One underlying theme, as the Steger saga plays out, is that this is in one sense a Texas story. Act one was in Bonham and Austin, although act two took place in Europe and the curtain will close suddenly in New York City following act three. The inner circle of actors includes Harry Peyton Steger, Roy Bedichek, Lillian Greer, John Lomax and William Sydney Porter.
Before anyone starts humming "The Eyes of Texas," which incidentally was written by a beau of Greer's, John Lang Sinclair, understand that this isn't about "ever thang's bigger in Texas" or false bravado, but a very real story of long ago when an independent, frontier spirit once beat in the heart of Texas.
Steger, Bedichek, Greer, Lomax and Porter revered the Lone Star State, yet none of the five were born within the promised land south of Red River, east of the Rio Grande and west of the Sabine River. This is the story of what made Texas a shining star from the beginning of a dream by Stephen F. Austin's father.
This is a story of emigrants.
Steger was born in the state that gave Texas larger-than-life historical figures from Sam Houston and David Crockett to Sam Rayburn -- the great state of Tennessee. (Although Houston was born in Virginia, he served as the governor of Tennessee and Texas.)
The Lomax family came from Mississippi. Bedicheck was a native of Illinois. Porter was born in North Carolina. And Greer was a Louisiana girl.
Lomax and Bedichek played prominent roles early in this story and Porter becomes the reluctant lead character that is written out of the plot much too soon in act three. Almost all we have of Steger are his letters; Lomax, Bedichek and Porter are mentioned countless times.
On the other hand, Greer is mentioned exactly once in Steger's letters. But leave it to a lady to make the most of her entrance.
As the holidays were approaching in 1903, Steger tries to convince Bedichek to head north to Bonham where they could both take the train over to Whitewright to see Lillian Greer.
"The firm would be complete," Steger said.
Those five words were intriguing because they would seem to indicate Miss Lillian was regarded as an equal partner with Steger and Bedichek in this intellectual firm and partnerships weren't doled out with much frequency.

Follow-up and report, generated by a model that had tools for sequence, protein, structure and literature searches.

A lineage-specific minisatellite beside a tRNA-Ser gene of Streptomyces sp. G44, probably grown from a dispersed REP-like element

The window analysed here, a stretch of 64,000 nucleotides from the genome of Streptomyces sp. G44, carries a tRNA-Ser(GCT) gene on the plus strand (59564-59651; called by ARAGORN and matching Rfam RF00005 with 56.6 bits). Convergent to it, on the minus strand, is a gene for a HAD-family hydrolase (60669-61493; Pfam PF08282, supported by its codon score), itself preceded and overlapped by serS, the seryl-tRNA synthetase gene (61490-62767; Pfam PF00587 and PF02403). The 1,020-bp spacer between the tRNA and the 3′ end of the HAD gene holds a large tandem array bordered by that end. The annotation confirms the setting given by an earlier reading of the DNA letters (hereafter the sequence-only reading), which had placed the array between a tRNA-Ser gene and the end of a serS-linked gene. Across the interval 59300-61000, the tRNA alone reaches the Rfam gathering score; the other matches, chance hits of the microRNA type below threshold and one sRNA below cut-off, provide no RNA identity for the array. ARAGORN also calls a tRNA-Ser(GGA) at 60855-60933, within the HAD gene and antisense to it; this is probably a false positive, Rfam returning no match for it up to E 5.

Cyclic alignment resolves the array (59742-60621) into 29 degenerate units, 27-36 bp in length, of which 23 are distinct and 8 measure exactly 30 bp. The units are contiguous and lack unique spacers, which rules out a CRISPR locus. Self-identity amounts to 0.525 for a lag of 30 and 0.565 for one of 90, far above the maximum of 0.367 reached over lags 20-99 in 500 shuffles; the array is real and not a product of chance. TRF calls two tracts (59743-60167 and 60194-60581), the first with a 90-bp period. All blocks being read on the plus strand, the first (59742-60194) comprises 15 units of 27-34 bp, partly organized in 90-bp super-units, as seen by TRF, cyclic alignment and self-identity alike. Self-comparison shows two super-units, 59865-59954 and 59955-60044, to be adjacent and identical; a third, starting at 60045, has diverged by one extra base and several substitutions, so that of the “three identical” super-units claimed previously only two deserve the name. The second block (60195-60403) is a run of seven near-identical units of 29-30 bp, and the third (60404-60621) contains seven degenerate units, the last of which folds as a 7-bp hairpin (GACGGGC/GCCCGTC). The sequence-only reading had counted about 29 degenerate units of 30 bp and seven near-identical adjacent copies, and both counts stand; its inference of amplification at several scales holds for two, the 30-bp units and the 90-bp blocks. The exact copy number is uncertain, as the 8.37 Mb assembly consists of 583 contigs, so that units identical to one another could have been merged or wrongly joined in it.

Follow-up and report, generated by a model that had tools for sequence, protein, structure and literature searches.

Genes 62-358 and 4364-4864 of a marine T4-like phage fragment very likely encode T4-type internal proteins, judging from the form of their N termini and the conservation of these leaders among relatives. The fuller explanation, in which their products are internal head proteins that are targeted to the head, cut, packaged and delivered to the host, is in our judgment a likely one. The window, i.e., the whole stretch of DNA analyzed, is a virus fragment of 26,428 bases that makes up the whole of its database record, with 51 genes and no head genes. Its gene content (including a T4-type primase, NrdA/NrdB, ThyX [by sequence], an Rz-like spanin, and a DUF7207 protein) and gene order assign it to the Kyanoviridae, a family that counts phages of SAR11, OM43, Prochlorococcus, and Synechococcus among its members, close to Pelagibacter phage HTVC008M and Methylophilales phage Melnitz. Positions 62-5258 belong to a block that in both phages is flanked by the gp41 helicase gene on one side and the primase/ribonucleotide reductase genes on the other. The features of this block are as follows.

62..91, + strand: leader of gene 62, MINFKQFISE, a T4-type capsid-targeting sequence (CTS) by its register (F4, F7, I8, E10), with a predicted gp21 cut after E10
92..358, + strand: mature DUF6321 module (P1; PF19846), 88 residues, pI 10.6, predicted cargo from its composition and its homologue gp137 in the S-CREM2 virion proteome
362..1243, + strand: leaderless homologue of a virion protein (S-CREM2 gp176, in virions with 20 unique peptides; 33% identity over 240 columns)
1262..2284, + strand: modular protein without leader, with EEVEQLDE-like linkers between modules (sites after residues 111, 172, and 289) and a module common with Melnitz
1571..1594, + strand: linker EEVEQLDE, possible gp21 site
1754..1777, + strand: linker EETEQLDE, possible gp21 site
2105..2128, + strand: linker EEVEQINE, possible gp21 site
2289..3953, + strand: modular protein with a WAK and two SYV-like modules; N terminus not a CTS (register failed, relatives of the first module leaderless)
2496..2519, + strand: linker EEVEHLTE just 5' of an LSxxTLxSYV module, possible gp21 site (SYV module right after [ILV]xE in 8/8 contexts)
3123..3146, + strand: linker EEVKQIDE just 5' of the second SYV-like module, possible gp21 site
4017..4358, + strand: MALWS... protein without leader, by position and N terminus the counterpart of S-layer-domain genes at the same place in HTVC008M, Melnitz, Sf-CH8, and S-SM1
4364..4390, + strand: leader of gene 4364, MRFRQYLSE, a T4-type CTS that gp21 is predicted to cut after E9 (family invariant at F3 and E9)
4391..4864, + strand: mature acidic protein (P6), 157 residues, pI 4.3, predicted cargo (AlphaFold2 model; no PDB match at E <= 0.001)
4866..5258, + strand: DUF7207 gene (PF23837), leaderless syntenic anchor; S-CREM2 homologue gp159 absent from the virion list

So, it should be easy to track down Greer, right? After all, in a town with a current population of less than 2,000 residents, surely someone would remember a remarkable scholar such as Lillian Greer.
As it turns out, Greer was a teacher at Grayson College in Whitewright from 1903-1905 after receiving her B.A. from the University of Texas with a major in Greek and a minor in Latin. No wonder Steger considered Greer a member of the firm; just like Harry, Lillian displayed a proclivity for dabbling in dead and dying languages. And she was certainly hewn from good timber. The Greer family had moved from Keachie, Louisiana to Waco, Texas in 1893 where Lillian's father, James Francis Greer, became vice president of Baylor University.
It would seem Lillian saw the best days of Grayson College. The college had originally been located in a two-story wooden building in downtown Whitewright before an impressive three-story brick structure was built on the north side of town around the turn of the century. Grayson College enrollment peaked in 1904, but later that year a fire destroyed the main building and library. The school reopened in 1905, however it never seemed to recover and Grayson College closed in 1912. Lillian Greer left North Texas in 1905 to teach school in Waco.
Before this story leaves Whitewright, it might be worth noting that while these may very well have been lean years for Grayson College and Greer, one eighth grade dropout in Whitewright was on his way to amassing a fortune. According to the Handbook of Texas, Kay Kimbell attended public schools in Whitewright before dropping out in the eighth grade--again, around the turn of the century--to work as an office boy in a local grain-milling company. If the name Kay Kimbell doesn't ring a bell, well, maybe you've heard of the Kimbell Art Museum in Fort Worth.
It was in Whitewright that Mr. Kimbell founded Beatrice Milling Company. At the time of his death about a half-century later, he was in charge of over 70 major corporations. Some folks in Whitewright still shake their heads and smile over the last pages in the Kay Kimbell story.
It seemed Mr. Kimbell's last wish was that he be laid to rest in Whitewright. Mrs. Velma Fuller Kimbell, who was a Whitewright native and the daughter of William David and Elsie Rebecca Fuller, preferred to think the couple would be interred side-by-side in Fort Worth, a city they had both grown so fond of since moving there in 1924.
Mr. Kimbell died in 1964 and was buried in Whitewright.
It was Mrs. Kimbell that had taught her husband to appreciate and collect fine art and, in the years following his death, she was responsible for turning the Kimbell Art Foundation into her husband's dream, the internationally renowned Kimbell Art Museum. When Mrs. Kimbell passed away in 1982 and was lowered into a grave in her beloved Fort Worth, Mr. Kimbell was waiting at her side where she had moved him.
Two very remarkable people and they both got their last wish.
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